“AAA is part of an effort to standardize naming in ADAS across the OEMs, and we started well over a year ago by releasing a report highlighting the complexity of this issue,” said Greg Brannon, Director of Automotive Engineering and Industry Relations for AAA. “It’s confusing for a consumer to understand what the system does and how they’re supposed to interact with it when there are 20 different names for adaptive cruise control.”
A joint effort between AAA, SAE International, Consumer Reports, J.D. Power, and the National Safety Council will provide a framework for developing naming standards across the industry. That framework will consist of a consumer guide and a separate, more detailed document for engineers.
The consumer-focused document called Clearing the Confusion: Recommended Common Naming for Advanced Driver Assistance Technologies categorizes current ADAS technologies under four main groups: collision warning, collision intervention, driving control assistance, and parking assistance. Another group includes features that help the driver but are not technically considered ADAS, like a heads-up display and automatic high beams.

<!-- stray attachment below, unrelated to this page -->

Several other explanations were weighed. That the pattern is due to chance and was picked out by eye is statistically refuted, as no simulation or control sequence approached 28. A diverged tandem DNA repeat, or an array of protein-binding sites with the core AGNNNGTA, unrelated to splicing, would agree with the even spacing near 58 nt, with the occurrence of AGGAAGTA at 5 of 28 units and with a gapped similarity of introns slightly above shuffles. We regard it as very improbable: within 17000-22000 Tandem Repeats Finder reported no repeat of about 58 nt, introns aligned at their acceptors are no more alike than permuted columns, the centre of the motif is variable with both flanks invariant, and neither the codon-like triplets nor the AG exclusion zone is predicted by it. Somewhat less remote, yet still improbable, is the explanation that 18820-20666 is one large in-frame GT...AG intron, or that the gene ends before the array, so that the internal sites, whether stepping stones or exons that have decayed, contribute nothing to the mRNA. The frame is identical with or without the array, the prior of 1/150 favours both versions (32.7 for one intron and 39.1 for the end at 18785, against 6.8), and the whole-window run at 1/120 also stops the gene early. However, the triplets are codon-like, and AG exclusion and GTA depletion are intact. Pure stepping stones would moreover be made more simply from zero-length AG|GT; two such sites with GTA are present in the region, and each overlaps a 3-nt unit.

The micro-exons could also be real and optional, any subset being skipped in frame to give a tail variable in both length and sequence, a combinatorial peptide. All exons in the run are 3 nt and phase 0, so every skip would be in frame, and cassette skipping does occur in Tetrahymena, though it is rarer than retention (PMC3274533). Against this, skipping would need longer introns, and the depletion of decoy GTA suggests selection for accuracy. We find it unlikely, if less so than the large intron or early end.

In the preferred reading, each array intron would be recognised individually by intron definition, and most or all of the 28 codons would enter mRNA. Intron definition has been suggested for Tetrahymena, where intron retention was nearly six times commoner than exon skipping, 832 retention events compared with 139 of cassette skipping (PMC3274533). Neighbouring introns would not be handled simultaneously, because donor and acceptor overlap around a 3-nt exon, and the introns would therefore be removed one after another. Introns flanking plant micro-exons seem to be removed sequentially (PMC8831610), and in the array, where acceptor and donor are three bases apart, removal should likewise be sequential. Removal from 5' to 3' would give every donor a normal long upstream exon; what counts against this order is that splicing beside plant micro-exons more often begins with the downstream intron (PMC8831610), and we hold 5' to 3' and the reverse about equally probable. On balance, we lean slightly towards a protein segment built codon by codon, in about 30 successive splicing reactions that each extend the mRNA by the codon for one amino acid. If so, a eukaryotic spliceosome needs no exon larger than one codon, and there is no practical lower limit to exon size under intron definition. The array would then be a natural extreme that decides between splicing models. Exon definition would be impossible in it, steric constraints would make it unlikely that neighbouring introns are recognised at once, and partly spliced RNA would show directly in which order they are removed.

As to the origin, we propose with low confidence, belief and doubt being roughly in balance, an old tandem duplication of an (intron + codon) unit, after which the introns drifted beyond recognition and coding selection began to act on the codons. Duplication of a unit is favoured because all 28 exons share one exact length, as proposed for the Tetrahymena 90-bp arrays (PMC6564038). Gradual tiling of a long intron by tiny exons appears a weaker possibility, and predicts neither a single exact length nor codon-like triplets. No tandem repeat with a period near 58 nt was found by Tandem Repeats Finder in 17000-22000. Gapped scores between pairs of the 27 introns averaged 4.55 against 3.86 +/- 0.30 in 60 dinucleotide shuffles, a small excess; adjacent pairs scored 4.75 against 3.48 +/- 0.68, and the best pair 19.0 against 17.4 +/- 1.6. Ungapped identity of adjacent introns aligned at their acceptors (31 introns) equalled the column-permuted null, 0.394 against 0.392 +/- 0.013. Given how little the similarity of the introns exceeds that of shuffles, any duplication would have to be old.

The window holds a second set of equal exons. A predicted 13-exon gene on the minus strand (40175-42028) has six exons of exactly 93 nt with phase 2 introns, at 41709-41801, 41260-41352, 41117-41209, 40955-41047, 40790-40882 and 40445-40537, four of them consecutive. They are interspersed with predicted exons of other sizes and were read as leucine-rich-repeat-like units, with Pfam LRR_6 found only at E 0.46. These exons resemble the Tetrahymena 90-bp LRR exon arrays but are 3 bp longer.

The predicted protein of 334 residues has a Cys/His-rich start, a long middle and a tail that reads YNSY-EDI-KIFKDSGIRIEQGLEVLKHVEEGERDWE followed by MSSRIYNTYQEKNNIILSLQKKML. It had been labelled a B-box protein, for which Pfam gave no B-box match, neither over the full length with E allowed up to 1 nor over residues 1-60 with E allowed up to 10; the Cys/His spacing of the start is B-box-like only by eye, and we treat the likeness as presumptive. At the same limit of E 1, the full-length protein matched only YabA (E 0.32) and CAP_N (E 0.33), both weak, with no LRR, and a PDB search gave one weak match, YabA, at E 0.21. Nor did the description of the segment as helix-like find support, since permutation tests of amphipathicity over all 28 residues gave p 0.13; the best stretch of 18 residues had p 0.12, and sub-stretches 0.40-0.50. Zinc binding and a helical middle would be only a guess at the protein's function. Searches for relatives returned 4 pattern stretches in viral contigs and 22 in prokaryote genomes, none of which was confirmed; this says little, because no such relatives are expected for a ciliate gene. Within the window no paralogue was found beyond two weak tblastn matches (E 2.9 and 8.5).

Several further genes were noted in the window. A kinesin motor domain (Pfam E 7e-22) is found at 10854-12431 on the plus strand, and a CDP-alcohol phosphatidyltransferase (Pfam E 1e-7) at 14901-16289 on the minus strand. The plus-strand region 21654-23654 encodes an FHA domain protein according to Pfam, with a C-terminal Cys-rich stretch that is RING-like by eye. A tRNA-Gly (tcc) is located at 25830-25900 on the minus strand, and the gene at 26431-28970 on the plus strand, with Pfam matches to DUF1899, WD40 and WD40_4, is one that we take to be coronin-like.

A Clearer Picture For Industry Experts
While it’s essential to address customer confusion around ADAS, we believe it’s equally important for industry experts to have a clearer picture of what automakers offer today for advanced safety technology. That was the inspiration behind the 2021 ADAS Guide, which is available now.
Starting with Acura and ending with Volvo, the guide provides an in-depth look at what the world’s top OEMs offer today on their vehicles for ADAS features. The guide examines the propriety names manufacturers use for bundling ADAS technologies, what features they deem most important and are currently expanding on, what sensors they use, and how they approach advanced safety technology overall.
Download The 2021 ADAS Guide
ADAS Guide 2021: Features & Packages by Manufacturer is available for purchase for $99 USD (a free preview is available here). The guide is a PDF download, so you can take it with you, be it on your laptop or mobile device. With the 2021 ADAS Guide, the advanced safety features offered by the world’s leading OEMs will be at your fingertips.